The sequencing for bacteria happens in real time, so if everything could be integrated within 3 hours of getting a sample, you could tell what type of bacteria you have, and a few hours later, what sort of resistance profile it could have.
On the therapeutic side, IMB researchers have a number of different projects. The most advanced is their Gram positive program.
In this, they’re using the glycopeptide antibiotic Vancomycin as a core, and adding peptide groups to it in order to make a ‘super-vancomycin’ that more selectively targets bacterial cells.
These groups are designed to interact selectively with the bacterial cell instead of a mammalian cell, in a bid to increase their potency at killing bacteria while also reducing the unwanted side effects they have on human cells.
The researchers are also looking back to the so-called golden age of antibiotics in the 1950s and 1960s, when most antibiotics were discovered.
Most were produced using natural products – other bacteria, fungi, or plants. Many of these antibiotics were reported in the research literature, but because there were so many choices, most weren’t developed any further at the time.
Already the search appears to have borne fruit, including a lipopeptide antibiotic that targets highly drug-resistant Gram negative bacteria. This class of lipopeptides is related to antibiotics that are currently the ‘last resort’, such as colistin and polymyxin.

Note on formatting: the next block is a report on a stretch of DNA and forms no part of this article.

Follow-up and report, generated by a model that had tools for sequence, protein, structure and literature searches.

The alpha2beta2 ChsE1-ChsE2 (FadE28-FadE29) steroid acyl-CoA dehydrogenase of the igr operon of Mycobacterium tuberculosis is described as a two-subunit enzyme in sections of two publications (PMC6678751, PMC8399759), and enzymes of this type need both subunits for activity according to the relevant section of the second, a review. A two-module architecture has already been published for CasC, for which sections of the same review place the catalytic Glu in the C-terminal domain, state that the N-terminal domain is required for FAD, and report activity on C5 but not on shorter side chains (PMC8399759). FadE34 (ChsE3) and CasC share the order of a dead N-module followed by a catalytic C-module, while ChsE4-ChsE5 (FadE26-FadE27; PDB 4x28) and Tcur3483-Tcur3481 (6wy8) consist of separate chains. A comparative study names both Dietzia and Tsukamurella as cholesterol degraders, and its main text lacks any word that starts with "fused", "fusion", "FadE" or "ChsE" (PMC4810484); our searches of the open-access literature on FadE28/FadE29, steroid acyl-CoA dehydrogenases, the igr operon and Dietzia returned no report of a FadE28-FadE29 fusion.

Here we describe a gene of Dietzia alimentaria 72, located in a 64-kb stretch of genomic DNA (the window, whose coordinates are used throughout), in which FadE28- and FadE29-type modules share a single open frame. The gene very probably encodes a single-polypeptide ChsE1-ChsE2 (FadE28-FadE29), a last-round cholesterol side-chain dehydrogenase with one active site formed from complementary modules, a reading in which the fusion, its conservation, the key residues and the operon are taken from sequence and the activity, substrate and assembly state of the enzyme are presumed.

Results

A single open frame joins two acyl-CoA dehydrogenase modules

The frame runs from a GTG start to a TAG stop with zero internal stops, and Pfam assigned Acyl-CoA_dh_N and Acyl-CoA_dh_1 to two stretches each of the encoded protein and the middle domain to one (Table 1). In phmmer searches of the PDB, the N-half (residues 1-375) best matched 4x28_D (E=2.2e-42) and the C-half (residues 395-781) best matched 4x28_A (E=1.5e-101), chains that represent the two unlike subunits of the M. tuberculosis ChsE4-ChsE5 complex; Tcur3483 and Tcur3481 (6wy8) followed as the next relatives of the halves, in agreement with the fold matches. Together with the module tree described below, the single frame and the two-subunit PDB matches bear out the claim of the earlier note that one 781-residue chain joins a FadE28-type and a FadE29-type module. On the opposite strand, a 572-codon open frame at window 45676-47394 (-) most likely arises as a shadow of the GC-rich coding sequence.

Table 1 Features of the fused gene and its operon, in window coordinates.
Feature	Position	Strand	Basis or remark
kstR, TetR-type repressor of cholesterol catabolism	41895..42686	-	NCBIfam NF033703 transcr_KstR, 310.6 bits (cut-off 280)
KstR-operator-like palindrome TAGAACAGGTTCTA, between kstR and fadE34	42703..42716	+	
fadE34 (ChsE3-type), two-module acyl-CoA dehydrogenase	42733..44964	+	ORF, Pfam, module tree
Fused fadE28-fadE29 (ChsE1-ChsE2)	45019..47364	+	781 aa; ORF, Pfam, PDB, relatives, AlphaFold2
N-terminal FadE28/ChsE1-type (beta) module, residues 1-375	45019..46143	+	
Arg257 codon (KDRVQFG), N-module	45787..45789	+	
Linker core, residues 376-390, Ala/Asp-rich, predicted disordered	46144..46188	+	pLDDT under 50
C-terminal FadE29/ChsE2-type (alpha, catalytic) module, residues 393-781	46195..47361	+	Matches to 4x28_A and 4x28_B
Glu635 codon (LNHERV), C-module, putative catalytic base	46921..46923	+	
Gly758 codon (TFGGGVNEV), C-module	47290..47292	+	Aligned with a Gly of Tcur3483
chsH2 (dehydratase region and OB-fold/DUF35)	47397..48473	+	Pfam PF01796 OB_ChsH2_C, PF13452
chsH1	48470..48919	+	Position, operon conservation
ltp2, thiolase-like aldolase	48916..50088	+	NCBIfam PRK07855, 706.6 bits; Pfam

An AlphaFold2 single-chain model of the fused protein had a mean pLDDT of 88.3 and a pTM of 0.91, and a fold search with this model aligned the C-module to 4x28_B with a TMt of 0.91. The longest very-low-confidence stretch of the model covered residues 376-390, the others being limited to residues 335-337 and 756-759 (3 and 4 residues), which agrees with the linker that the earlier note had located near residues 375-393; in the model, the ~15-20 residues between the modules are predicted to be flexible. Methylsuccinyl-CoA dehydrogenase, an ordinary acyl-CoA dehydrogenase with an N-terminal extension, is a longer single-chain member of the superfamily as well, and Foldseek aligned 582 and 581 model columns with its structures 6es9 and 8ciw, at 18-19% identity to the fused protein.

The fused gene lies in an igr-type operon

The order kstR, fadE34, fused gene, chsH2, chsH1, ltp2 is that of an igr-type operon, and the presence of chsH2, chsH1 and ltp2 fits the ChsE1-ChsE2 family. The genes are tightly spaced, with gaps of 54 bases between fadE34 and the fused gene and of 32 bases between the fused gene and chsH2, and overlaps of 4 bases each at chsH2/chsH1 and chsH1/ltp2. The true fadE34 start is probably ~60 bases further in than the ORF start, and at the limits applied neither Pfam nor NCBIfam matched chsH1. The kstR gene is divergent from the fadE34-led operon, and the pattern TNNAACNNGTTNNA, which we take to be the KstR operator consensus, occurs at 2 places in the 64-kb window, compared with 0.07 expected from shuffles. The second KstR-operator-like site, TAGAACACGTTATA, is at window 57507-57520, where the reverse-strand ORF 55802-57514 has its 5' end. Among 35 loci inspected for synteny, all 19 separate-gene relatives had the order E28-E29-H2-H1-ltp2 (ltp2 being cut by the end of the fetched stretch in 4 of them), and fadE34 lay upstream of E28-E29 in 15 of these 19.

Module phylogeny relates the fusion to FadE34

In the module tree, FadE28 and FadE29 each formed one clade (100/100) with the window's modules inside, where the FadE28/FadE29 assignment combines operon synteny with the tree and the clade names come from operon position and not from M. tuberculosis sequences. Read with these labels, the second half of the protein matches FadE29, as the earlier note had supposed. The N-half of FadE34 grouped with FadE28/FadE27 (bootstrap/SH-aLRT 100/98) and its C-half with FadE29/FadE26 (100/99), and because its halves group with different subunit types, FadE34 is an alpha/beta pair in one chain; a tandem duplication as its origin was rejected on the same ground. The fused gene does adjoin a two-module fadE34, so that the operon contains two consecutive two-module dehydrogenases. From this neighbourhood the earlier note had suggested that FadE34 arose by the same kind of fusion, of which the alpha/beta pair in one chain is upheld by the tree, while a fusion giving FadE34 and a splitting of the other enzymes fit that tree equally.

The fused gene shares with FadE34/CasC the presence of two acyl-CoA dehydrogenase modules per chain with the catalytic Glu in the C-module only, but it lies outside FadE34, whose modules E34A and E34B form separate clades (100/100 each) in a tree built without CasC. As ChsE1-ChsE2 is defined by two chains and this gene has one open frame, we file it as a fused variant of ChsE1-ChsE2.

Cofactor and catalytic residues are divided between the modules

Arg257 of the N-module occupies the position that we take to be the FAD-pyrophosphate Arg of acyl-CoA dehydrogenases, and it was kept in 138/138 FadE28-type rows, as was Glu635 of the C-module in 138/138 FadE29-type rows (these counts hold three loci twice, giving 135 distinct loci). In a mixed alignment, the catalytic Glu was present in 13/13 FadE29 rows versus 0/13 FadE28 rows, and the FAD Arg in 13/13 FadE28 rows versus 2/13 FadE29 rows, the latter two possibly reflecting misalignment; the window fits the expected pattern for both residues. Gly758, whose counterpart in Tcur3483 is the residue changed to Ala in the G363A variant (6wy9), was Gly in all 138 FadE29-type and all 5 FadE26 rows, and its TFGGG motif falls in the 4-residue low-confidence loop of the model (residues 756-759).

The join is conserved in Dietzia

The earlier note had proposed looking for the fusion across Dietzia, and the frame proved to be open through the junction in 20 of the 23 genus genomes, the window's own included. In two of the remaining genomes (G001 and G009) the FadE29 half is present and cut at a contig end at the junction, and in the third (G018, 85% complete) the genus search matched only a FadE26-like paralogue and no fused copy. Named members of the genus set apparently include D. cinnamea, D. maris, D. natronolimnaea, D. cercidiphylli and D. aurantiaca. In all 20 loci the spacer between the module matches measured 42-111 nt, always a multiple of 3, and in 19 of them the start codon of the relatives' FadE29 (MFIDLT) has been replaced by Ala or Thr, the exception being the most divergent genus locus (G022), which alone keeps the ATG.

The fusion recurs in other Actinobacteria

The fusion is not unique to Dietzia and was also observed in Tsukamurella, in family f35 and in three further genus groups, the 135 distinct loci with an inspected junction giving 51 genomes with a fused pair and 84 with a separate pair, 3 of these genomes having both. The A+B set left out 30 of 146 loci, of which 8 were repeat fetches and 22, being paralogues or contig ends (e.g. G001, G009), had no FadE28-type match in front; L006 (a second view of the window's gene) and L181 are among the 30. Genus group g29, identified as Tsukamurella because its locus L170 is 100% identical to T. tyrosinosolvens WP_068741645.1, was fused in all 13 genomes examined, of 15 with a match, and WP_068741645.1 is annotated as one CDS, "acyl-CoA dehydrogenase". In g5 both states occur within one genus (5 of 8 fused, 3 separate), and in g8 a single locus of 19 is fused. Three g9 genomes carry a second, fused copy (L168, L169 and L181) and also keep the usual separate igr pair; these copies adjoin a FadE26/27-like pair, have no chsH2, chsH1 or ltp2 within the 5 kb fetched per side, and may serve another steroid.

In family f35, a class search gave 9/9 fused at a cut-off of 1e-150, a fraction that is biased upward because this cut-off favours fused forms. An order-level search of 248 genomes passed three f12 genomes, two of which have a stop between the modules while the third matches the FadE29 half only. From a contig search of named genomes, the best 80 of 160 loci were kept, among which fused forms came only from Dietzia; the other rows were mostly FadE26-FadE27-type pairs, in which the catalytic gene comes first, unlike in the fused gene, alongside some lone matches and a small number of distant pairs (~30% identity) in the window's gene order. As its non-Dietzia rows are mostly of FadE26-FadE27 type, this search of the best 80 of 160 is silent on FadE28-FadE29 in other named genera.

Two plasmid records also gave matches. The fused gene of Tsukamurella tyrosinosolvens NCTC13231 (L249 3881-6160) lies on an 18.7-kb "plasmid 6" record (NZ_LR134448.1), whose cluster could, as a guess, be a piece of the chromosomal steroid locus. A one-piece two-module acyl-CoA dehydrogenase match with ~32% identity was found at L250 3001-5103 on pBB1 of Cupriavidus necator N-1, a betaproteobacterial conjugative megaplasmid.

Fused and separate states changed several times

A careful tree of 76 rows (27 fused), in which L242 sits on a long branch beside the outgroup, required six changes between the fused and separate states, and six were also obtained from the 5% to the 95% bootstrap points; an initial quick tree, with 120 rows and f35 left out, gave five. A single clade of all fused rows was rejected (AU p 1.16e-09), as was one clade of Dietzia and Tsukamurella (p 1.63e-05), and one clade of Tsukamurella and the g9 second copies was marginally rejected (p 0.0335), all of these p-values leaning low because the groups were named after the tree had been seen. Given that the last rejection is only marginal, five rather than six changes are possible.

The problem with these is that they’re operating at the extremes – just below the toxic level for humans – so dosages can’t be increased. The new antibiotics work against bacteria that are resistant to these ‘last resort’ antibiotics, and appear to be safer.
The IMB is also involved in a global initiative to try to uncover new chemical diversity that has antibiotic activity.
The Community for Open Antimicrobial Drug Discovery (CO-ADD) is a not-for-profit initiative funded by over $5 million from the Wellcome Trust. The initiative invites chemists from around the world to submit their compounds for free screening for antimicrobial activity.
In less than three years, over 200 groups from 40 countries have sent in more than 200,000 samples for testing, with thousands of active compounds identified. All results will be published in an online database accessible to the global community of antibiotic researchers, providing an invaluable resource.
This article was first published on the website of The University of Queensland’s Institute for Molecular Bioscience.